6 steps for setting up an in-house dispute resolution system

Dispute resolutionThink about creating a program to help settle employee conflicts in-house. An alternative dispute-resolution program lets you identify and address problems while they’re still manageable and before they land in court. Here’s a six-step process for establishing an ADR program:

1. Assess organizational readiness. Is a dispute-resolution program compatible with the organization’s goals? If not, this will be a tough sell.

2. Identify major stakeholders. Are key decision-makers on board with creating a dispute-resolution program? Identify these key allies early and enlist their support.

Seek input from informal ­leaders who have influence over others. It’s important to cultivate leaders who are vested in your organization’s established practices and, therefore, will likely resist. Diverse supporters will strengthen the program.

3. Do your homework. Research the types of dispute-resolution programs (see box at right), and determine which closely support your organization’s vision. Consider questions like:

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  • Will you include peer review in your appeal process?
  • Will you offer outside mediation?
  • If you offer arbitration, will it be binding on the organization? Will it be binding on the employee? In many states, arbitration must be binding on both parties.

4. Design your program. To determine which components will work for your company, create a cross-functional team from HR, line management and senior management. This team will look at your program from various perspectives and will help to ensure that it is effective.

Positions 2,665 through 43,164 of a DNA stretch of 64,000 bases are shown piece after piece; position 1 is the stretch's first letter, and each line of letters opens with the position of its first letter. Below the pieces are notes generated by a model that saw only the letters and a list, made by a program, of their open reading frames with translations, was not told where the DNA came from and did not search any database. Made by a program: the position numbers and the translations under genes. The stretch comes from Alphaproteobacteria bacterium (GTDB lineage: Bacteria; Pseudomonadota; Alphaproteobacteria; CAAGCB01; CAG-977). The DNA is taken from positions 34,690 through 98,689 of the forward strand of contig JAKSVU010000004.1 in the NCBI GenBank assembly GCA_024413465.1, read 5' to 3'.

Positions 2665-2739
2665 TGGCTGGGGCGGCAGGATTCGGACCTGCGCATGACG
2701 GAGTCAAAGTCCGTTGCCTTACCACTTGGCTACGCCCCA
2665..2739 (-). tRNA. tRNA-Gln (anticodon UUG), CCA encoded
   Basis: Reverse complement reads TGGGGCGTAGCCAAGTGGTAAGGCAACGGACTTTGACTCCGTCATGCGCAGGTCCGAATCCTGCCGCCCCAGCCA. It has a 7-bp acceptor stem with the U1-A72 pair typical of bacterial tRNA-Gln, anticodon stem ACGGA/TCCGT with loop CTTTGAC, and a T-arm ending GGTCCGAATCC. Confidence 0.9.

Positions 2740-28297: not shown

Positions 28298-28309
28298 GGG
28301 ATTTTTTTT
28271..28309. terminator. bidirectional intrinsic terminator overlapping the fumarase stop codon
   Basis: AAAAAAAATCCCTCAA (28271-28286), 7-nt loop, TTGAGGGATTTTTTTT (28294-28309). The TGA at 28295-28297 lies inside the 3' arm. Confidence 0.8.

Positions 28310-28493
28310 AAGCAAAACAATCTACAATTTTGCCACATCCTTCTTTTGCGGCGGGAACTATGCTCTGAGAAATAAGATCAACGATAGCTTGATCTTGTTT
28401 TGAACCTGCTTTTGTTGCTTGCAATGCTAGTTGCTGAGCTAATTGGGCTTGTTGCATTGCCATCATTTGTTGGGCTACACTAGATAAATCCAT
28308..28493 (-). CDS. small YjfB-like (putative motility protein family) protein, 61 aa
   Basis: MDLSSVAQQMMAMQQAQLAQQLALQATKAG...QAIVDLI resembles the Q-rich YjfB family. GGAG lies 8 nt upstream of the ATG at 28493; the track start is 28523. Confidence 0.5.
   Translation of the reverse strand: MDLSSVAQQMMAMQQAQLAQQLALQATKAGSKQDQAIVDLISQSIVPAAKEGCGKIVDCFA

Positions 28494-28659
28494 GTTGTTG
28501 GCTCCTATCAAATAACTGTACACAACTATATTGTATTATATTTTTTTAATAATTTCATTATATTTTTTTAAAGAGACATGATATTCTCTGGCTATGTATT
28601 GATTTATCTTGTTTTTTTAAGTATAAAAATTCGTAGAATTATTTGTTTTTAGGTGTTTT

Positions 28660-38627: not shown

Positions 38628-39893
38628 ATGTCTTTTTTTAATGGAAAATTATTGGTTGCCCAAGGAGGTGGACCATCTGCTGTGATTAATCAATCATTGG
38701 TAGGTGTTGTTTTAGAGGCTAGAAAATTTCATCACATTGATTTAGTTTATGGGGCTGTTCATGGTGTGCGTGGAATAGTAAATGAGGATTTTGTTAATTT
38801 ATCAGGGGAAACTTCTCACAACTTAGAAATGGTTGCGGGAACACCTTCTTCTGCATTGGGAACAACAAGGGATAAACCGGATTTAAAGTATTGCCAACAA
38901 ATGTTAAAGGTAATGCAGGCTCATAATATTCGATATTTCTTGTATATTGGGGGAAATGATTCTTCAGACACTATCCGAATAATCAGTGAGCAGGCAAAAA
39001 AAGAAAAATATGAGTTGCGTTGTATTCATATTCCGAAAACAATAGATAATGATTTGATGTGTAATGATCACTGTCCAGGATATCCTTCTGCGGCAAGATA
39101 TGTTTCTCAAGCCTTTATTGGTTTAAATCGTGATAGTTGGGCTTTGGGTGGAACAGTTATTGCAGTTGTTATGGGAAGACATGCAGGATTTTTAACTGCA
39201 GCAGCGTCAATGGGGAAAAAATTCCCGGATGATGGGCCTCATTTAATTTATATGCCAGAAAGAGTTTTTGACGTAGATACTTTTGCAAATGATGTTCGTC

5. Seek feedback. Once you have an initial design, seek feedback through employee roundtables, leadership team meetings, exit interviews, suggestion boxes and email or telephone surveys. The more you share about your design, the better your feedback. It’s vital for end users to provide ideas and raise concerns.

6. Design your rollout strategy and communication plan. Decide whether to run a pilot program in certain departments or go for an organization-wide launch.

Regardless of the scope of your ADR program, communication will be key to its effectiveness. Make sure all affected ­employees learn about the program in a consistent fashion with a consistent message. To do so, conduct HR and manager briefings before the official program launch. Then explain the program through correspondence from your CEO, fliers, posters, brochures sent home, articles in company newsletters, email blasts and targeted Q&A sessions.

Whatever formats you choose, re­introduce your program on an annual basis. Keep your message fresh; highlight a different component of the program in a quarterly newsletter, internal blog or series of emails.

Alternative dispute resolution

Alternative dispute resolution is a catchall term for procedures designed to settle legal disputes without going to court. There are three main kinds of ADR:

1. Arbitration: An impartial arbitrator decides a final and binding resolution.

2. Peer review: A panel of co-workers trained in ADR techniques discusses the problem and suggests solutions.

3. Mediation: Disputes are submitted to a neutral mediator for nonbinding resolution. The mediator’s goal is to move the two parties closer together and work toward a resolution.

Your attorney can help you determine which approach will work best, and set up the necessary legal processes.